Skooter reporting 08/08/12
Nigel described to me all about the distant north of Scotland is for cyclists who want to come into contact with the rawest wilderness biking on some of the most isolated roads in Britain. Almost anywhere you go here is a low-traffic zone, but on the furthest-flung stretches seldom you will see a soul. You should know that many single-lane roads in this part of Scotland are not wide enough for cars to pass moving cyclists, so you will need to pull to the side.
Far north Scotland begins north of Inverness, and the further west you go the wilder it gets. You will see astonishingly distinctive Scottish scenes, like the ruins of Ardvreck Castle on the shores of Loch Assynt or the deserted moorlands and untamed beautiful coastline of the Stoer Peninsula, where wildlife like stags, pine martin, wildcat, otter and badgers proliferate. You can sidetrack to the magnificent Cape Wrath, the distant most northwest point of Scotland, and in the northeast pedal to the town of John O’Groats, where the mainland British Isles culminate. There are miles of serene, narrow roads around the northern coast where cyclists can immerse themselves in mountain and moorland scenery, and there is first-rate wild camping just about everywhere. After an adventurous trips cycling far north, the world will surely appear less crowed than when you started. Just in a week you could cover this area, but Nigel said take two to make time for exploring the scenic back roads.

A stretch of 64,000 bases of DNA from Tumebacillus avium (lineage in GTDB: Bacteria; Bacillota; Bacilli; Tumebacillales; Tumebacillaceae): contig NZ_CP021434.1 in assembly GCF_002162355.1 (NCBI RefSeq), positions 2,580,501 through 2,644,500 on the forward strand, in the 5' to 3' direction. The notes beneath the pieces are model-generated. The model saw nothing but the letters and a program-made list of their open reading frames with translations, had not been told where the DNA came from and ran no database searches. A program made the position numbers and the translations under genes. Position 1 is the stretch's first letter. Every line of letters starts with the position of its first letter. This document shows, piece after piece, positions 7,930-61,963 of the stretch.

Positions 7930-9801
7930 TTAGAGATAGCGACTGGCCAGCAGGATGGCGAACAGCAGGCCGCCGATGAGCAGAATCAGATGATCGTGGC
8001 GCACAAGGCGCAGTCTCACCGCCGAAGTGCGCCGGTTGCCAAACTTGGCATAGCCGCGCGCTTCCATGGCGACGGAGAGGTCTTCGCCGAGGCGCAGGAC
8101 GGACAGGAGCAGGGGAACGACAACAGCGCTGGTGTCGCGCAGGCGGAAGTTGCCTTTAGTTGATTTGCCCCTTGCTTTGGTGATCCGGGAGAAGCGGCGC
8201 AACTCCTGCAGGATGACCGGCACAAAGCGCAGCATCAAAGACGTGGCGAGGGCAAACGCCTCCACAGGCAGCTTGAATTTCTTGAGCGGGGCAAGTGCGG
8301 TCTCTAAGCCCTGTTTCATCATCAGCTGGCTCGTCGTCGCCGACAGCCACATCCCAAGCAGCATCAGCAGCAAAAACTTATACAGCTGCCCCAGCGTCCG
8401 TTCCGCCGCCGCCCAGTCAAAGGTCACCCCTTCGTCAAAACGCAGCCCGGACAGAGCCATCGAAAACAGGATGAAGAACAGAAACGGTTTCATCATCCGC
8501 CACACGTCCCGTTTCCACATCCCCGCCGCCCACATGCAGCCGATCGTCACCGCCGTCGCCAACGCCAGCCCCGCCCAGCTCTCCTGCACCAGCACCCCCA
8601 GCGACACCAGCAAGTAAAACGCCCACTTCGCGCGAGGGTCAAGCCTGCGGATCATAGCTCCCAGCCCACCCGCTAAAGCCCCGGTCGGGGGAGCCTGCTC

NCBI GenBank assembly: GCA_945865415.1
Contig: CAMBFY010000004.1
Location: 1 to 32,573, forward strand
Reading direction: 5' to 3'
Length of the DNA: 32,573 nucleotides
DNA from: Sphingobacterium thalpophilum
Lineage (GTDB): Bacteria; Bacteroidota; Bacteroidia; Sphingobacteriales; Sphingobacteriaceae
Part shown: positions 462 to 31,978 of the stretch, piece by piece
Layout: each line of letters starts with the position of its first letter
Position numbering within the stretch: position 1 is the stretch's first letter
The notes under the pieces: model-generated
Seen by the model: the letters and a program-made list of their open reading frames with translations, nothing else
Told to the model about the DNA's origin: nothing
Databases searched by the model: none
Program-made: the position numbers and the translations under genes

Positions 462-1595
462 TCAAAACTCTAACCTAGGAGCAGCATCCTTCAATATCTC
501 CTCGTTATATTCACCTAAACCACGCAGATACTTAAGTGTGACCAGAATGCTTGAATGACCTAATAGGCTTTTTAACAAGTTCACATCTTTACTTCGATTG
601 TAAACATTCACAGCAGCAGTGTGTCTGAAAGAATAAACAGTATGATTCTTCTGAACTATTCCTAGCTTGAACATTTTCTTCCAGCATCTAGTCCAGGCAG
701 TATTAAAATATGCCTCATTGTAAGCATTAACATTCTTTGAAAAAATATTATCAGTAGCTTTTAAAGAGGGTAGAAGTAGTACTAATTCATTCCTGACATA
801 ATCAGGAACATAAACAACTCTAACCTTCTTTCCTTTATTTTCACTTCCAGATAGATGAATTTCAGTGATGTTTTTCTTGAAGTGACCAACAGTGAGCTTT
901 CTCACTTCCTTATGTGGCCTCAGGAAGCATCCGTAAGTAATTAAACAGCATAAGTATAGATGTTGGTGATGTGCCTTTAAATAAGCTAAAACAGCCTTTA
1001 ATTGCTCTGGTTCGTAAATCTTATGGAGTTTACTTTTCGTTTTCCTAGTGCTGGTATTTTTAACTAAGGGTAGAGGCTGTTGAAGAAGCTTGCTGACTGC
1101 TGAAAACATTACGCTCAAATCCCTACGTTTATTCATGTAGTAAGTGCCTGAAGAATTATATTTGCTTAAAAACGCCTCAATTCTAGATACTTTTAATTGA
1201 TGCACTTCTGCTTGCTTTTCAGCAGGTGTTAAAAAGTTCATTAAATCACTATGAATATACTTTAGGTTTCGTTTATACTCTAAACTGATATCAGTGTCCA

To be continued…